Brand Blanshard Prize
The Brand Blanshard Prize honors Brand Blanshard, professor of philosophy at Swarthmore from 1925 to 1945, and was established by David H. Scull ’36.
The prize of $150 is awarded annually to the student who, in the judgment of members of the Philosophy Department, submits the best essay on any philosophical topic. All students are eligible to compete.
Papers must be typewritten and should not exceed 4,000 words. Revised term papers, senior course study papers and senior honors study papers are acceptable. Students may submit only 1 paper.
Please prepare your paper to be read anonymously, meaning the author’s name should not appear anywhere on the paper: rather, the author should include this cover sheet and put the title of the paper (without the author's name) in the header of each page of the essay.
Please submit a hard copy of papers through College Mail addressed to Donna Mucha, Administrative Assistant, Philosophy Department. Questions can be addressed to email@example.com.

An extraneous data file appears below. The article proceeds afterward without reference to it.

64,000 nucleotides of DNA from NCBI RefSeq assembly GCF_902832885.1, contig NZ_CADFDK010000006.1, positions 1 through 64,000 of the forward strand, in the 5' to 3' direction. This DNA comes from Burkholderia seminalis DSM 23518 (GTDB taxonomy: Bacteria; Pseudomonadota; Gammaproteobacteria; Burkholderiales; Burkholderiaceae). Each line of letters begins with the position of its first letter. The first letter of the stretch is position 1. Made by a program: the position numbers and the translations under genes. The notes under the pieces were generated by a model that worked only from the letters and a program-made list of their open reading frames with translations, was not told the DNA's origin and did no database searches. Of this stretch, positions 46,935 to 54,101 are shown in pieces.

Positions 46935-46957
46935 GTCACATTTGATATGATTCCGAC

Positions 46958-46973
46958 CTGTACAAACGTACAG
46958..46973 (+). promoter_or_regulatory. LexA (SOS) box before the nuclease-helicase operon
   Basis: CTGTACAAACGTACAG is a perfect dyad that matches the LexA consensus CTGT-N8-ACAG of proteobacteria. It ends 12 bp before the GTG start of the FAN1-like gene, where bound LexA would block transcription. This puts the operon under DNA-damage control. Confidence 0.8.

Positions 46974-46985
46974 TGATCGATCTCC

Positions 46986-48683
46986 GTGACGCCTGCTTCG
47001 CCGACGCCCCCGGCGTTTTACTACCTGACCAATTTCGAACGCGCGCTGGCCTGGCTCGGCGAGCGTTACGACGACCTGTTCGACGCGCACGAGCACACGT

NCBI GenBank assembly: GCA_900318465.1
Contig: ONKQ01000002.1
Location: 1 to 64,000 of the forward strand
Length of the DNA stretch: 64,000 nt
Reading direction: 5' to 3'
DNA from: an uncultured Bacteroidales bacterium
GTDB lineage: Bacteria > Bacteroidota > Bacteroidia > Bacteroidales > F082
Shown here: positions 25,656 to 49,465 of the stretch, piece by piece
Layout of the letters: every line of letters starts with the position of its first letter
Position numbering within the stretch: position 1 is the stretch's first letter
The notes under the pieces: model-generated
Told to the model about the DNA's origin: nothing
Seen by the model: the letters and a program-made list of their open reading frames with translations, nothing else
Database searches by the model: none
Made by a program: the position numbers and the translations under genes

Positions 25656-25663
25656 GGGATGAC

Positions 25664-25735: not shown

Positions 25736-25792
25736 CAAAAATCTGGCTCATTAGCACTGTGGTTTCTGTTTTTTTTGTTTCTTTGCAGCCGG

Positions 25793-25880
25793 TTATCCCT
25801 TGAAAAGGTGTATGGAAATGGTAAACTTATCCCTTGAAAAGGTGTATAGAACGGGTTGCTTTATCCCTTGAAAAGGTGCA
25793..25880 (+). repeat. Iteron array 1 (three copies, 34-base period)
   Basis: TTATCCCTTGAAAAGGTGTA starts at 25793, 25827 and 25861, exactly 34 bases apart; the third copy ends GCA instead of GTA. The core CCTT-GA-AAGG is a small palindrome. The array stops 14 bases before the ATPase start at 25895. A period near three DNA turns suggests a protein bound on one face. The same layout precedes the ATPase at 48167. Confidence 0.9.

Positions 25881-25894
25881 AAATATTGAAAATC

Linked essays are available with Swarthmore.EDU log in only
|2020||Henry Wilson '21||What are Levels in Metaphysics?|
|2019||Zhicheng (John) Fan '19||Plato on Eudaimonia and Other-Concern in the Republic|
|2019||Alexander Jin '19||He Made Us All Responsible: The Me Too Movement and Liberal Commitments in Punishment|
|2018||Laura Geary '18||Objectification and Kantian Sexual Morality|
|2017||Joseph Millman '17||Stoic Compatibilism and Causation|
|2016||Gregory Brown '16||Aristotelian Categoricals and the Philosophy of Science|
|2015||Gregory Brown '16||An Objection to Parfit's Psychological Criterion|
|2015||John Proios '15||The Philosopher's Choice: The Prudential Goodness of Compulsion in Plato's Republic|
|2014||Joshua Chang '15||The Euthyphro Dilemma and Its Relationship to God|
|2013||Quitterie Gounot '13||Piecing the Self Together: Towards an Agency-Centered Theory of Normative Ethics|
|2013||Mary Wiltshire-Gordon '13||In Defense of Radical Contextualism|
|2012||No prize awarded|
|2011||Carson Monetti '11||The Anxiety of Assertion: On Kripke's Wittgenstein|
|2010||Richard Stillman '11||Qualia and Identity|